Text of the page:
May 1993
Volume 34, Issue 6
Free
Articles  |   May 1993
The role of contact lenses, trauma, and Langerhans cells in a Chinese hamster model of Acanthamoeba keratitis.
Author Affiliations
  • F van Klink
    Department of Ophthalmology, Leiden University Hospital, The Netherlands.
  • H Alizadeh
    Department of Ophthalmology, Leiden University Hospital, The Netherlands.
  • Y He
    Department of Ophthalmology, Leiden University Hospital, The Netherlands.
  • J A Mellon
    Department of Ophthalmology, Leiden University Hospital, The Netherlands.
  • R E Silvany
    Department of Ophthalmology, Leiden University Hospital, The Netherlands.
  • J P McCulley
    Department of Ophthalmology, Leiden University Hospital, The Netherlands.
  • J Y Niederkorn
    Department of Ophthalmology, Leiden University Hospital, The Netherlands.
Investigative Ophthalmology & Visual Science May 1993, Vol.34, 1937-1944. doi:
  • Views
  • PDF
  • Share
  • Tools
    • Alerts
      ×
      This feature is available to authenticated users only.
      Sign In or Create an Account ×
    • Get Citation

      F van Klink, H Alizadeh, Y He, J A Mellon, R E Silvany, J P McCulley, J Y Niederkorn; The role of contact lenses, trauma, and Langerhans cells in a Chinese hamster model of Acanthamoeba keratitis.. Invest. Ophthalmol. Vis. Sci. 1993;34(6):1937-1944.

      Download citation file:


      © ARVO (1962-2015); The Authors (2016-present)

      ×
  • Supplements
This content is PDF only. Please click on the PDF icon to access.
Abstract

PURPOSE: To determine the role of contact lenses, corneal trauma, and Langerhans cells in the development of keratitis caused by Acanthamoeba organisms in Chinese hamsters. METHODS: Various methods were used to induce corneal infections in Chinese hamsters, including application of parasite-laden contact lenses. The role of corneal epithelial defects in promoting parasite binding was examined in vitro in a microscopic binding assay. The role of corneal abrasion in the development of Acanthamoeba keratitis was also examined in Chinese hamsters exposed to parasite-laden contact lenses. Other experiments evaluated the effect of infiltrating Langerhans cells on the incidence and severity of Acanthamoeba keratitis. RESULTS: Corneal epithelial defects promoted extensive parasite binding to abraded corneas compared to intact, nonabraded counterparts. Corneal abrasion was absolutely necessary for the induction of Acanthamoeba keratitis in hamsters infected with contaminated contact lenses. Infection was never detected unless the corneas were abraded before exposure to parasite-laden contact lenses. The presence of Langerhans cells in corneas prevented the development of Acanthamoeba keratitis. CONCLUSIONS: The highest incidence of Acanthamoeba keratitis occurs in corneas expressing epithelial defects and exposed to parasite-laden contact lenses. The presence of Langerhans cells in corneas exposed to parasite-laden contact lenses prevents the development of Acanthamoeba keratitis.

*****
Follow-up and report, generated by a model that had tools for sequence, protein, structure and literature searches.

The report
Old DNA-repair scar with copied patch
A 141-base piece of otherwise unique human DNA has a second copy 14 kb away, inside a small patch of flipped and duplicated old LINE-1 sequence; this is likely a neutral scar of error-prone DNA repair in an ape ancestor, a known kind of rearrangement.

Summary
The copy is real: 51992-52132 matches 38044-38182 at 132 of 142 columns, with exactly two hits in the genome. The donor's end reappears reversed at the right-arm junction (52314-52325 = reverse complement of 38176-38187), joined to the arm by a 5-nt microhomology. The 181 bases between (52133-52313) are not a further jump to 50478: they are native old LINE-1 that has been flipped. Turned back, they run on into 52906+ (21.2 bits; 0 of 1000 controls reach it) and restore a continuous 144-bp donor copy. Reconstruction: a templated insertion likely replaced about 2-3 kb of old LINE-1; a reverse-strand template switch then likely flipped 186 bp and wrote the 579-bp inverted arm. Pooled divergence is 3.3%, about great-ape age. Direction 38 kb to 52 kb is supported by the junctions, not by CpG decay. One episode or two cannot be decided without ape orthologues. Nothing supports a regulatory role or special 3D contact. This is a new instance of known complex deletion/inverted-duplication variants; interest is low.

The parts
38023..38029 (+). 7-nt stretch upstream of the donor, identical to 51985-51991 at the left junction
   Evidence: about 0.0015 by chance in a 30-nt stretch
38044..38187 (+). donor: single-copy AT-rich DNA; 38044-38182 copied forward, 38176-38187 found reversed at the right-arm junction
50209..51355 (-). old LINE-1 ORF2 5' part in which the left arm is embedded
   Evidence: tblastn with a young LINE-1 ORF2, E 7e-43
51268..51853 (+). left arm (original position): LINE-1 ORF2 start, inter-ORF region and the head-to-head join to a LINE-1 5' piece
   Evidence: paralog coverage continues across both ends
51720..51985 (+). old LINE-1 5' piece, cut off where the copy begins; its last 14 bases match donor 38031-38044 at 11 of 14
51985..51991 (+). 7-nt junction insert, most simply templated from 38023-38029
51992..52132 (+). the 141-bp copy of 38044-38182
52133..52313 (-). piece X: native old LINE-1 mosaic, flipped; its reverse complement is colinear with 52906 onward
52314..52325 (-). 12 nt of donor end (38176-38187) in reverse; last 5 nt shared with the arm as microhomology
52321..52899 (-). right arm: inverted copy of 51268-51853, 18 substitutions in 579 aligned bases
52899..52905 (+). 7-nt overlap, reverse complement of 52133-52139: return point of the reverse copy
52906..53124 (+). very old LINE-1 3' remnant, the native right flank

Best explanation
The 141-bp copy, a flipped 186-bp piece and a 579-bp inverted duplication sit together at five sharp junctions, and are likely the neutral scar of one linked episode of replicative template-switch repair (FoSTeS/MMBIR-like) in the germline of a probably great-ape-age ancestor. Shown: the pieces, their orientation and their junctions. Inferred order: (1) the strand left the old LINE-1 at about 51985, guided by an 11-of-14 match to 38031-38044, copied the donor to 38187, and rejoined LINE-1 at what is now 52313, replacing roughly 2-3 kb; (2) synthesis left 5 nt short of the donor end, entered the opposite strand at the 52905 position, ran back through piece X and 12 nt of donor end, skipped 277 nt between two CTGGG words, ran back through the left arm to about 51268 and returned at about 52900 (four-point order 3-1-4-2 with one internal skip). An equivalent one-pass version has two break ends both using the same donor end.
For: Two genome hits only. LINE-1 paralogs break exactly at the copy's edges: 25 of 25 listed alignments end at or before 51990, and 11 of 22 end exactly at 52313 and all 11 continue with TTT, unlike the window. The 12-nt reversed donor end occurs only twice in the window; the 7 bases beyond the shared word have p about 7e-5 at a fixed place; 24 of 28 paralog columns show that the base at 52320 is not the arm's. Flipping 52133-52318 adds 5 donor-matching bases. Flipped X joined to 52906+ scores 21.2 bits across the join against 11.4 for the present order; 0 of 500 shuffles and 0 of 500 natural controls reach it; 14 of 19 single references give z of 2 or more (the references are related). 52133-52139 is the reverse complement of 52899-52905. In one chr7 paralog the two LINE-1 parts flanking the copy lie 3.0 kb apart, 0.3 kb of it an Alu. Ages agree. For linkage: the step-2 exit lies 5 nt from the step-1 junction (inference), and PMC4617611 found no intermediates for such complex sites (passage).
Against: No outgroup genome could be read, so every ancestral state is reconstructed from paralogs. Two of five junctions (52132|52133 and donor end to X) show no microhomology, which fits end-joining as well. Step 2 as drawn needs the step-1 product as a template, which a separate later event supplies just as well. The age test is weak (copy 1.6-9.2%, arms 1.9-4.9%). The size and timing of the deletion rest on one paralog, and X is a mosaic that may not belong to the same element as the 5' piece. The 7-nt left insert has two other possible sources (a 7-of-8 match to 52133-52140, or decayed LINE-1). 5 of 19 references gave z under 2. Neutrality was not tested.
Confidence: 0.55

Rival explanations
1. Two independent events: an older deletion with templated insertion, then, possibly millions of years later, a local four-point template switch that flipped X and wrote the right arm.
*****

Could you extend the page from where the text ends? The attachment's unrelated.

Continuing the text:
×
×

This PDF is available to Subscribers Only

Sign in or purchase a subscription to access this content. ×

You must be signed into an individual account to use this feature.

×